• Casper Chris

      Post a link to the scene please.

      • brenkilco

  • MaliboJackk

    Take a camera to the top of some of New York’s tall buildings.
    You’ll probably catch some techies installing expensive line of sight lasers.
    Why? To capture a few more nano-seconds for high speed trading.

  • fragglewriter

    I’m amazed that someone wants to adapt this book, because based on the news report, the topic really isn’t that interesting unless you’re telling the story from a different POV. Since I’m in the financial industry, I look for movies that put a spin on the financial sector. I don’t want to go to the movies or watch a TV program at home to see the stories that unfolded in the news be regurgitated (To Big to Fail). But if you put a spin on it, it can bring a fresh voice.

    I tried watch “Wall Street” recently, but turned it off after an hour. I’ve never been so bored. I loved “Boiler Room” the first time that I saw it. Watched it again, it was just ok. I would love to watch someone take this topic and spin it on its head.

    • klmn

      Yeah, the concept isn’t visual. The way to do it is to replace the programs running inside computers with robots on the floor of the NYSE. With death lasers. Think Scwarzenneger blasting the fuck out of a bunch of Wall Street types.

    • astranger2

      I actually liked Too Big to Fail. May have been the only one. Interesting though, how CEOs like Jamie Dimon from Chase, and Ken Lewis from BofA were sitting on their high horses supposedly above the fray, to both get their comeuppances later.

      Ever see The Prime Gig? Not about the stock market, but smaller film about telemarketing scam with a Boiler Room feel. Vince Vaughn, Julia Ormond, Ed Harris… nice little twist at the end.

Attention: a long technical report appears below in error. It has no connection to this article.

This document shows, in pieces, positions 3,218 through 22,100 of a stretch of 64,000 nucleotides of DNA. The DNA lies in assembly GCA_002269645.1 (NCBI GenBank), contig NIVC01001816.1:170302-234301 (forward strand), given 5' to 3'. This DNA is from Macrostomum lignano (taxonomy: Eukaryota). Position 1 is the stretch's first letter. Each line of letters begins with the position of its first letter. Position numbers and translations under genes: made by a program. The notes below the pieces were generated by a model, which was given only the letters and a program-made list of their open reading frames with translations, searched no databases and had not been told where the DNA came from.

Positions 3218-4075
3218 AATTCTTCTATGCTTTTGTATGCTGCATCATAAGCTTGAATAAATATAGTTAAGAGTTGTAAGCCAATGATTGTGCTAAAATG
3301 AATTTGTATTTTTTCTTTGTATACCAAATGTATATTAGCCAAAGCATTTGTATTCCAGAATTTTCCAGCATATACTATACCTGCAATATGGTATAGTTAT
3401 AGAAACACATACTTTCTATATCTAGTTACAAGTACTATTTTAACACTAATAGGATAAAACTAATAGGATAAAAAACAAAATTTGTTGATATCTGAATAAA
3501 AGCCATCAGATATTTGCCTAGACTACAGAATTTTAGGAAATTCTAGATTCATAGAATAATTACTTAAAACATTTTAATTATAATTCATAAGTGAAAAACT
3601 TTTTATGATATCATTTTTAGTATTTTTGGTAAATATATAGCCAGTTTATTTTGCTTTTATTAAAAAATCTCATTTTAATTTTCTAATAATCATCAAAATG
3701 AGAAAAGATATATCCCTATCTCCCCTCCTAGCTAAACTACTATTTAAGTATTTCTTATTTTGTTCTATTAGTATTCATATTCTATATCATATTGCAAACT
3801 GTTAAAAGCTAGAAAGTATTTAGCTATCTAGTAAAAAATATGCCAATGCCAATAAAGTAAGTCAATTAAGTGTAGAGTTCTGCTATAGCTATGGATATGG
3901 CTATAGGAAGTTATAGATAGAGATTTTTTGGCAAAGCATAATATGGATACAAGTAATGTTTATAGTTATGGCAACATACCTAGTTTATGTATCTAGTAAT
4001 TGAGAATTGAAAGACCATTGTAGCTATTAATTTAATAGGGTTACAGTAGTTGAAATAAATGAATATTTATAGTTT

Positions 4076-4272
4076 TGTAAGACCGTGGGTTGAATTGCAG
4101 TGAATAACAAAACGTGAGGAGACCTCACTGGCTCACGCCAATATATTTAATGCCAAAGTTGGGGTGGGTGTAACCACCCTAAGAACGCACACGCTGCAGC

• Kirk Diggler

        What exactly was Jamie Dimon’s comeuppance? He’s still walking free, as smug as ever.

        • astranger2

          Yeah, you’re right. People like him never truly lose. They just take a salary cut from 75 million a year, or whatever, to 20 million a year. A little loss of face, while so many hard-working individuals lose out.

          • Kirk Diggler

            You want to know who gets sent to jail for insider trading? Martha Stewart. The real criminals are too well connected to both parties to ever lose a night’s sleep. Bernie Madoff went to jail because he stole from the rich, a big no-no.

          • astranger2

            You’re spot on with that. But Martha was guilty on that ImClone incident. I don’t know if you know this, but earlier in her life she was a stock broker. So I don’t think she was unaware of what she was doing.

          • Kirk Diggler

            Yeah I don’t doubt she was guilty. BUT…. the actual gain was less than a million dollars if I recall. They made an example out of her instead of going after the real movers and shakers. And the whole thing smelled of institutional sexism.

            Has anyone been prosecuted for the rigged municipal bond market scam (manipulation of LIBOR)? Interest rates were deliberately locked in at higher levels in pre-arranged deals, skimming what could amount to trillions from communities all across America.

          • astranger2